• Improving evidence-based practice through preregistration of applied research: barriers and recommendations

      Evans, T.R.; Branney, Peter; Clements, A.; Hatton, E. (2023)
      Preregistration is the practice of publicly publishing plans on central components of the research process before access to, or collection, of data. Within the context of the replication crisis, open science practices like preregistration have been pivotal in facilitating greater transparency in research. However, such practices have been applied nearly exclusively to basic academic research, with rare consideration of the relevance to applied and consultancy-based research. This is particularly problematic as such research is typically reported with very low levels of transparency and accountability despite being disseminated as influential grey literature to inform practice. Evidence-based practice is best served by an appreciation of multiple sources of quality evidence, thus the current review considers the potential of preregistration to improve both the accessibility and credibility of applied research towards more rigorous evidence-based practice. The current three-part review outlines, first, the opportunities of preregistration for applied research, and second, three barriers - practical challenges, stakeholder roles, and the suitability of preregistration. Last, this review makes four recommendations to overcome these barriers and maximise the opportunities of preregistration for academics, industry, and the structures they are held within - changes to preregistration templates, new types of templates, education and training, and recognition and structural changes.
    • Global Security in the Post-Cold War Era and the Relevance of Nuclear Weapons

      Bluth, Christoph (2021-06)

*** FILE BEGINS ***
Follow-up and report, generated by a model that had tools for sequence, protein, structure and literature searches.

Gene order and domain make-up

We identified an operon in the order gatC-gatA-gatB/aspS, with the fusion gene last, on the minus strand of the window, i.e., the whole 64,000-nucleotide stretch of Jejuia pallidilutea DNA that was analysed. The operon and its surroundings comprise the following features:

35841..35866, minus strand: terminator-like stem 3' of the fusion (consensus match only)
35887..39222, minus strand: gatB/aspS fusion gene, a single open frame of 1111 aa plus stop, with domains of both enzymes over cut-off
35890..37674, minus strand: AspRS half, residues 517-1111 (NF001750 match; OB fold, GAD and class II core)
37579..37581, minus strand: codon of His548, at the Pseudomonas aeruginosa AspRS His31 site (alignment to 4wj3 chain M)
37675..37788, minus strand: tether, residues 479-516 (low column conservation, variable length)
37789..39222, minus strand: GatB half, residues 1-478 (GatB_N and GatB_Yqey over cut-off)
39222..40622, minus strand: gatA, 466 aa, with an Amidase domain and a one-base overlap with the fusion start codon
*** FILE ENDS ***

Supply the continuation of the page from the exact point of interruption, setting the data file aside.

Are nuclear weapons still relevant to global security? Compared with the nuclear confrontation in the depths of the Cold War, nuclear weapons and deterrence appear to have lost their salience. Considering the conflicts in which the major powers engaged, the focus in strategic studies changed to counterinsurgency, counterterrorism, and subconventional conflict.2 Only recently, with the conflict in Ukraine and the increasingly confrontational relationship between the United States and China has this narrative come into question. The general perception on international security exhibits a strange paradox. On the one hand the US-led military interventions in Afghanistan, Iraq and other parts, the conflicts in the Middle East and Africa, the nuclearization of North Korea and the conflict between India and Pakistan among other regional security issues have given rise to a view that the modern world is less secure than ever, and we live in a world of chaos riven by unpredictable patterns of violence. By contrast, Steven Pinker has demonstrated the casualties from armed conflict are at their lowest point in human history, and interstate warfare has virtually ceased to exist as a phenomenon.3 The imminence of a global nuclear war in which at a minimum hundreds of millions of people would die appears to have dissipated. In some respects, it appears that war has become almost a phenomenon of the past. Most of the recent literature on nuclear weapons has focused on regional crises areas, such as South Asia (India and Pakistan) or the Korean peninsula.4 However, the modernization of arsenals by the nuclear powers, the integration of strategic conventional and nuclear weapons in strategic doctrines and the more confrontational dynamics in Great Power politics is cited as evidence that the risk of nuclear use is increasing. This paper contests the emerging narratives on an increased threat of nuclear conflict and considers the sources of insecurity in the contemporary period and in particular the risks of armed conflict between the United States, Russia, and China in order to assess the role of nuclear weapons in contemporary security.